Industries are witnessing rapid growth of machine vision. This technology being a vital component of the industry’s modern automation solutions, they expect the market for 3-D machine vision to nearly double in the next six years. In the manufacturing context, two major factors contribute to this increase in adoption of the machine vision technology. The first is due to the industry facing acute labor shortage problems, and the second is the dramatic decrease in hardware costs.
Additionally, with an increase in technological performance, the industry needs machine vision systems to process ever-expanding amounts of information every second. Moreover, with the advent of machine learning and advanced artificial intelligence algorithms, data collected from machine vision systems are becoming more valuable. The industry is rightly realizing the power of machine vision.
So, what exactly is machine vision? What makes a robot see? A vision system typically is a conglomeration of many parts that include the camera, lighting sources, lenses, robotic components, a computer for processing, and application-specific software.
The camera forms the eye of the system. There are many types of cameras that the industry uses for machine vision. Each type of camera is specific for a particular application need. Also, an automation solution may have many cameras with different configurations.
For instance, a static camera typically remains in a fixed position in a scenario where speed is imperative. It might have a bird’s eye view of the scene below it. On the other hand, a robotic arm may mount a dynamic camera at its end, to take a closer look at a process, thereby picking out higher details.
One of the important aspects of the vision system is its computing power. In fact, this is the brain to help the eye understand what it is seeing. Traditional machine vision systems were rather limited in their computing powers. Modern machine vision systems that take advantage of machine learning algorithms require far greater computation resources. They also depend on software libraries for augmenting their computing capabilities.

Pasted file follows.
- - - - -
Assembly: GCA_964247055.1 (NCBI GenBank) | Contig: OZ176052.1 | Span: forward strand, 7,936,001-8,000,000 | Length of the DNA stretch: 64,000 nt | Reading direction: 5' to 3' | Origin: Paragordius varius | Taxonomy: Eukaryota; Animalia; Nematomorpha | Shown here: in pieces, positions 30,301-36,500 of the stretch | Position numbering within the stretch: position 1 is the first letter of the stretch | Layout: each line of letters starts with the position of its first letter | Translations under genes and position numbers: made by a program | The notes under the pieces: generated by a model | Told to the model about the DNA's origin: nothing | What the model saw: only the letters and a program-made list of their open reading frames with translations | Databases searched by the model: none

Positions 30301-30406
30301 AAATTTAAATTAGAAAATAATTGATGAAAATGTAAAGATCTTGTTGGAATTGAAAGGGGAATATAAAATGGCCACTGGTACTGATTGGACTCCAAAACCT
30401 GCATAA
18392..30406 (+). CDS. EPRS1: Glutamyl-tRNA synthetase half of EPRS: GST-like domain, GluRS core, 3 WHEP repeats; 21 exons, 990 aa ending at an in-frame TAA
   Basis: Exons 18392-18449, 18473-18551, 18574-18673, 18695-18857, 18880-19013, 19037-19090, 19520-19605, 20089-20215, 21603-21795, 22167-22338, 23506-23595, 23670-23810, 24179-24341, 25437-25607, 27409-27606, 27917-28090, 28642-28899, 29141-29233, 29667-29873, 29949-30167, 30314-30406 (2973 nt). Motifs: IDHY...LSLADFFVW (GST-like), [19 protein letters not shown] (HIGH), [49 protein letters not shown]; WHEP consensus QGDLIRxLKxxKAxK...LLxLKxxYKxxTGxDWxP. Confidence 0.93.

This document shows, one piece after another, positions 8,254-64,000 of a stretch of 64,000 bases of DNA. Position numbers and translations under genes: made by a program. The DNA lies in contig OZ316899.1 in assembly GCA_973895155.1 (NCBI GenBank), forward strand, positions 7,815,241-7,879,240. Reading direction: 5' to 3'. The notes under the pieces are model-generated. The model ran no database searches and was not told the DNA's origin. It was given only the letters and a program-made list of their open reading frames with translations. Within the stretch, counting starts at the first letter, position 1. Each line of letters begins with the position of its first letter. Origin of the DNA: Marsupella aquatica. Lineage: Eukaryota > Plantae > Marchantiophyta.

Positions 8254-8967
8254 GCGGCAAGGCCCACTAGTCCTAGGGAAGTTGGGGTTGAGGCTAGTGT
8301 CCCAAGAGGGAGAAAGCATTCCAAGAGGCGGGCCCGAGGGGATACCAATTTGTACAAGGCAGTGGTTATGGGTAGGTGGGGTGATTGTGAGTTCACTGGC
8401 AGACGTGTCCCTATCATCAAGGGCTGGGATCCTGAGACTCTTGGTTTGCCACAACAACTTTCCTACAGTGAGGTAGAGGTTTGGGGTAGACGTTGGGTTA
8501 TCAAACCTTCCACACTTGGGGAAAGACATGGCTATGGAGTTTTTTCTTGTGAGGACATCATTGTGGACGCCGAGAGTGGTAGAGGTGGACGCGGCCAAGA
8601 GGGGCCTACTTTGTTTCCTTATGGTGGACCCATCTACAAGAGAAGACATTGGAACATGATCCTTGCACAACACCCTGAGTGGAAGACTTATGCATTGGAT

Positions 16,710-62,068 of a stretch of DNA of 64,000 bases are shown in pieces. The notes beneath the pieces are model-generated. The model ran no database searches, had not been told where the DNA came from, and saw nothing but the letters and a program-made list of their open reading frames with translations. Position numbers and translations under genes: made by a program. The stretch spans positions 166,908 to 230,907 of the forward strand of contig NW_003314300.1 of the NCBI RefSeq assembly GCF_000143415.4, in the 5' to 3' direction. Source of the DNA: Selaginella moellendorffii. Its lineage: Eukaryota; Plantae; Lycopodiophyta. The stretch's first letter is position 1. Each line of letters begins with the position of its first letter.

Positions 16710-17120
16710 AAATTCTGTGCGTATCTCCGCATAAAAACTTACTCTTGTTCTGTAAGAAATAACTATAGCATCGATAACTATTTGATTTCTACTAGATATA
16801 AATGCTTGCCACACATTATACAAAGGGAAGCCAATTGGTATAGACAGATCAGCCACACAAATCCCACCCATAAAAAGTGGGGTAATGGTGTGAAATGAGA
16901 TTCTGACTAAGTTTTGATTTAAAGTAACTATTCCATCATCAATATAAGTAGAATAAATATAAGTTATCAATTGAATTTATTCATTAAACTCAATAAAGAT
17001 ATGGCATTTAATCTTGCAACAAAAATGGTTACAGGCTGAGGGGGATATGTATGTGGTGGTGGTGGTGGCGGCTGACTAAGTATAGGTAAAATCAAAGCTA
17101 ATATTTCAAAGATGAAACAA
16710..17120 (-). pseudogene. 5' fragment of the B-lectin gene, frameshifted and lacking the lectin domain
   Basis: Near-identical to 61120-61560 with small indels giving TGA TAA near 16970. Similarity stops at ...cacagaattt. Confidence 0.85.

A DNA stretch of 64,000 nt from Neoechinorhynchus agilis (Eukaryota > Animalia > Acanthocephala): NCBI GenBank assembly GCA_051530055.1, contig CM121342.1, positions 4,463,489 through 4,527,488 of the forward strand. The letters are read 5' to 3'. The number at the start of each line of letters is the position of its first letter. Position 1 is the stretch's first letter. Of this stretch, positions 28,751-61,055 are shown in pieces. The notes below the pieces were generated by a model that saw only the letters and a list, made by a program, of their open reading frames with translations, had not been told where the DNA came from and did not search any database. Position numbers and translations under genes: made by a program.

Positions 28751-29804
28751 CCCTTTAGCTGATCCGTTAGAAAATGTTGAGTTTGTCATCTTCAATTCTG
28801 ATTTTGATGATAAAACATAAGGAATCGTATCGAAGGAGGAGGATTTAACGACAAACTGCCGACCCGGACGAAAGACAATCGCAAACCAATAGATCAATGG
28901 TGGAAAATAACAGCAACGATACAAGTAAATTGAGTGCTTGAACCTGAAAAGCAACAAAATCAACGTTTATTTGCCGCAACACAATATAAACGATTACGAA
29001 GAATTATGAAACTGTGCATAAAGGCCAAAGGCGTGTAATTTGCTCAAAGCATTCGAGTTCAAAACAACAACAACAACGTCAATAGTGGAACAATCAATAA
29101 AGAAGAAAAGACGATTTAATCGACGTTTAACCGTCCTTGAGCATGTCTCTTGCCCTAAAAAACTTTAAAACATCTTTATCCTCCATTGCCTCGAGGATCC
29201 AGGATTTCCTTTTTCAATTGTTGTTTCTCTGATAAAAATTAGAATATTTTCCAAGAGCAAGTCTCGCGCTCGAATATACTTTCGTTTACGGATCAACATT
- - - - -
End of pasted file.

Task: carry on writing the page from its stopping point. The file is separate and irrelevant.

Machine vision manufacturers design these capabilities specifically for application users. They design the software to provide advanced capabilities for machine vision systems. These advanced capabilities allow users to control the tasks for the machine vision, such that they can gain valuable insights from the visual feedback.
With the industry increasingly using vision for assembly lines, the concept of a vision-guided system replacing basic human capabilities is on the upswing in a wide range of processes and applications.
One of the major applications of machine vision is inspection. As components enter the assembly line, machine vision cameras give them a thorough inspection. They look for cracks, bends, shifts, misalignment, and similar defects, which, even if minor, may lead to a quality issue later. The machine vision compares the crack, and if larger than a specified size, rejects the component automatically.
In addition to mechanical defects, machine vision is capable of detecting color variations. For instance, a color camera can detect discoloration and thereby reject faulty units.
The camera can also read product labels, serial numbers, or barcodes. This allows the identification of specific units that need tracking.